What is Sickle Cell Disease?
Sickle Cell Disease (SCD) is a disorder of the blood caused by abnormal hemoglobin, which causes distorted (sickled) red blood cells. It is associated with a high risk of stroke, particularly in the early years of childhood.
The main risk of Sickle Cell Disease is the potential for vascular constriction or occlusion, which may lead to subclinical infarction, acute stroke, and hemorrhage. Children before the age of 20 with SCD are particularly susceptible and are at high risk of developing ischemic stroke. Blood transfusion in these cases can help to reduce the risk of stroke significantly.
How to use TCD for Sickle Cell Disease
Transcranial Doppler (TCD) is a key non-invasive modality in identifying the risk of stroke in SCD patients. Various scanning protocols for SCD are available, but in general, velocity measurements are made in the anterior and posterior circulations for detection of high or otherwise abnormal blood flow velocities.
The vessels should be carefully scanned along their length. In children, the MCA scanning should start at a shallow depth, which is less than 40 mm. Optimized velocity recordings should be tracked along the vessel at a high depth resolution, with at least 2 mm depth increments. The ACA, PCA, and distal ICA should also be scanned.
While the Time Average Mean of the Maximum velocities (TAMM), also often called Mean velocity, is the parameter of choice that is used for the determination of SCD in most guideline protocols, some studies suggest that using the Peak velocity parameter can also be used for TCD screening of SCD.
Using Dolphin for SCD Test
The Dolphin has a dedicated Sickle Cell Disease (CSD) examination protocol. The protocol is designed to meet the guidelines of the STOP (Stroke Prevention in Sickle Cell Disease) study. It includes fixed velocity cursors that mark the normal and abnormal velocity thresholds per the guidelines.
The start-depth of the examinations is also allowing to start the vascular scanning at a shallow depth.
The incremental depth steps can be configurable to 2 mm per the STOP guidelines or at a much higher or lower resolution from 0.5 mm and up to 5 mm depth steps.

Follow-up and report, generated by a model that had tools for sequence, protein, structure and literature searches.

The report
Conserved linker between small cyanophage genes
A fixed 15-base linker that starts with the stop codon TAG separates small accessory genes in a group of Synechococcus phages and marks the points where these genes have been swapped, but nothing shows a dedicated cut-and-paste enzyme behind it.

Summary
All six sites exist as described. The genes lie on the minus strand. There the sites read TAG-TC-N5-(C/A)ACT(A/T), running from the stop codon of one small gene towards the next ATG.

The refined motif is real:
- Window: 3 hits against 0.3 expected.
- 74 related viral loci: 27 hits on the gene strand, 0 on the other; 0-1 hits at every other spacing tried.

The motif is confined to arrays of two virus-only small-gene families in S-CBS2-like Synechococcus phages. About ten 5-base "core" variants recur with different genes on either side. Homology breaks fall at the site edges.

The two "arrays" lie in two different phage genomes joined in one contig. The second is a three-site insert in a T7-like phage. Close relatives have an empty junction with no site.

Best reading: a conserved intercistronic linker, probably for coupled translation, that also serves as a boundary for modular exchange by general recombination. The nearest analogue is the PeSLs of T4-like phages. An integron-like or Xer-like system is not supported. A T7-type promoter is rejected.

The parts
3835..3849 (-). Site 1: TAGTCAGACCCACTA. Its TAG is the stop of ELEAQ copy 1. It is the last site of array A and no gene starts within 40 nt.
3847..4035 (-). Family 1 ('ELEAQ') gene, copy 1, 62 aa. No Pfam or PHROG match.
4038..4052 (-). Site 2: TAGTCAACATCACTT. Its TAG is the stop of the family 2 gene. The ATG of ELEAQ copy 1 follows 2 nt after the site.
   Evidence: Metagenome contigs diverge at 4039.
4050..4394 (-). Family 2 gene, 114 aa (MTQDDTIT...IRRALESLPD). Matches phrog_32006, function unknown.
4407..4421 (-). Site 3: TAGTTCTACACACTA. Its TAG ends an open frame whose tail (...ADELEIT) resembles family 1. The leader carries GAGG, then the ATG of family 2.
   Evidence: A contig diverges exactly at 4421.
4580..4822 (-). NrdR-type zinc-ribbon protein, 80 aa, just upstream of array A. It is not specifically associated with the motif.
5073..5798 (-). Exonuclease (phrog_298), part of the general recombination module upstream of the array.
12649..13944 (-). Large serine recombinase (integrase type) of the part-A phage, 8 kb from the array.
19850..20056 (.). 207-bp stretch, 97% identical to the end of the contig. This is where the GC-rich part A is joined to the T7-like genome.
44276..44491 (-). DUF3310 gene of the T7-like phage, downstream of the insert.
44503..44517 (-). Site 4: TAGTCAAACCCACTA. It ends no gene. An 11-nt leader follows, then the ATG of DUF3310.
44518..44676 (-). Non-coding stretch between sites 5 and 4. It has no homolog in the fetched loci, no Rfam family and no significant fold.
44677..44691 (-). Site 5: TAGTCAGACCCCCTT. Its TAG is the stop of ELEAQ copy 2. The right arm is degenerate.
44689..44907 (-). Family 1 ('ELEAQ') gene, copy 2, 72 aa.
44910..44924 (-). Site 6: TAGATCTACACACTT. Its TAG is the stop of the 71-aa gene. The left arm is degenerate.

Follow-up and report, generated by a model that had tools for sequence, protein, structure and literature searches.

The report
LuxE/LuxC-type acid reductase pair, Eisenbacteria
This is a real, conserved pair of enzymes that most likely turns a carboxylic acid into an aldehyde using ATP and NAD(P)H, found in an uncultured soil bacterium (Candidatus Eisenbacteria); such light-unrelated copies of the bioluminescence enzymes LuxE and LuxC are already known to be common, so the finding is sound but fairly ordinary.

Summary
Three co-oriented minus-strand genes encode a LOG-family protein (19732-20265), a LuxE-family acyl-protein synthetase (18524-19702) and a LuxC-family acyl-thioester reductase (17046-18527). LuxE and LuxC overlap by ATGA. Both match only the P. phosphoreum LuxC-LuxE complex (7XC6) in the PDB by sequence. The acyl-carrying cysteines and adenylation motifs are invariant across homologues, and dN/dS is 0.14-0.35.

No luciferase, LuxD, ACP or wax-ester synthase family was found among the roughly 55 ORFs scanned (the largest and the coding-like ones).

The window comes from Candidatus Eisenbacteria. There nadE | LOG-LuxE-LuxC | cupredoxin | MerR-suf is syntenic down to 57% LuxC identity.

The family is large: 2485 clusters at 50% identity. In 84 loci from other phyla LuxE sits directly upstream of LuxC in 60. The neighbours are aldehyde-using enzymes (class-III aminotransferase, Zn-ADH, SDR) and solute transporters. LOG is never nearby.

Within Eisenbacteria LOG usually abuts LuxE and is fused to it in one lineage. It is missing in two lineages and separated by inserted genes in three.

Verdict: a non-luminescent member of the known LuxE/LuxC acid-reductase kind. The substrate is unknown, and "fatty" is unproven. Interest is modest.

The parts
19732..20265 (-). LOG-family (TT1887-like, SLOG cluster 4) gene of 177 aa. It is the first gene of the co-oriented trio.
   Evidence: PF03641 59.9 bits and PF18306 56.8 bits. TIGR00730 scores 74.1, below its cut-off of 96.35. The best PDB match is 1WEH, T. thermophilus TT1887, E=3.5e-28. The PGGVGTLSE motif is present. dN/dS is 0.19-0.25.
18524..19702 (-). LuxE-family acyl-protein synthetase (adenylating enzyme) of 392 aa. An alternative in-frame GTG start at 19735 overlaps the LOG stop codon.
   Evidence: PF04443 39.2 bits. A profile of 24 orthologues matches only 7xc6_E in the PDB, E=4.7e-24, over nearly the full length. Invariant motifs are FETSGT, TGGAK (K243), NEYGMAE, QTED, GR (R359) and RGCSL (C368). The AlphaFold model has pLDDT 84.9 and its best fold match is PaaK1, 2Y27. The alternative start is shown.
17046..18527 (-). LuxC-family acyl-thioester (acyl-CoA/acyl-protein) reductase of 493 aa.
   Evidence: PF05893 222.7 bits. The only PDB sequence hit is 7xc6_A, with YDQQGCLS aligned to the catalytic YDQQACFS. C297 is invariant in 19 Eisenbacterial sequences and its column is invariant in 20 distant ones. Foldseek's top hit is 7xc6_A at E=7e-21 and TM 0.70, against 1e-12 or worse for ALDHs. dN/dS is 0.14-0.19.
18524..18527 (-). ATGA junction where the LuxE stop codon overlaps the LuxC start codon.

The Dolphin displays all relevant Doppler parameters, including the Mean Velocity, which is termed as TAMM in the STOP protocol. The phasic m-mode display is designed to quickly identify cerebral blood vessels, while the power m-mode display provides clear identification of transient high-intensity signals such as emboli passing through the artery. The advanced and unique HITS processing capabilities of the Dolphin allow detailed analysis and view of each suspected embolic event, which may lead to ischemic stroke.
The key guideline for TCD testing for SCD is the STOP (Stroke Prevention in Sickle Cell Disease) Study.
According to the STOP classification of Transcranial Doppler results in children with sickle cell anemia:
Normal: TAMM <170 cm/s
Conditional: TAMM >170 but < 200 cm/s in the middle cerebral artery and/or distal internal carotid artery TAMM >170 in posterior cerebral artery or anterior cerebral artery
Abnormal: TAMM ≥200 cm/s in the middle cerebral artery and/or terminal internal carotid artery
In addition, Inadequate classification is determined when a “study was unable to be read”.
An example of a Sickle Cell measurement taken using Viasonix Dolphin system, showing automatic thresholds over the spectrum display.
Stroke Prevention in Sickle Cell Disease (STOP) Study Guidelines for Transcranial Doppler Testing, Fenwick T. Nichols, Anne M. Jones, and Robert J. Adams, J Neuroimaging 2001;11:354–362
The Management of sickle Cell Disease, National Institutes of Health, Division of Blood Diseases and Resources, NIH Publication No. 02-2117, Revised June 2002
TCD and sickle cell disease, Fenwick T. Nichols III, Robert J. Adams, & Anne M. Jones, Chapter 7 in Cerebrovascular Ultrasound in Stroke Prevention and Treatment, Edited By Andrei V. Alexandrov, Blackwell Publishing, Inc., 2004
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Transcranial Doppler screening in sickle cell disease: The implications of using peak systolic criteria, Lena N Naffaa, Yasmeen K Tandon, Neville Irani, World J Radiol 2015 February 28; 7(2): 52-56
Transcranial Doppler ultrasonography in neurological surgery and neurocritical care, Robert H. Bonow et al., Neurosurg Focus 47 (6):E2, 2019
Transcranial Doppler: Techniques and advanced applications: Part 2, Sharma AK, Bathala L, Batra A, Mehndiratta MM, Sharma VK, Ann Indian Acad Neurol. 2016 Jan-Mar;19(1):102-7
Transcranial Doppler, Review Article, Manish K. Marda, Hemanshu Prabhakar, J Neuroanaesthesiol Crit Care 2015;2:215-20
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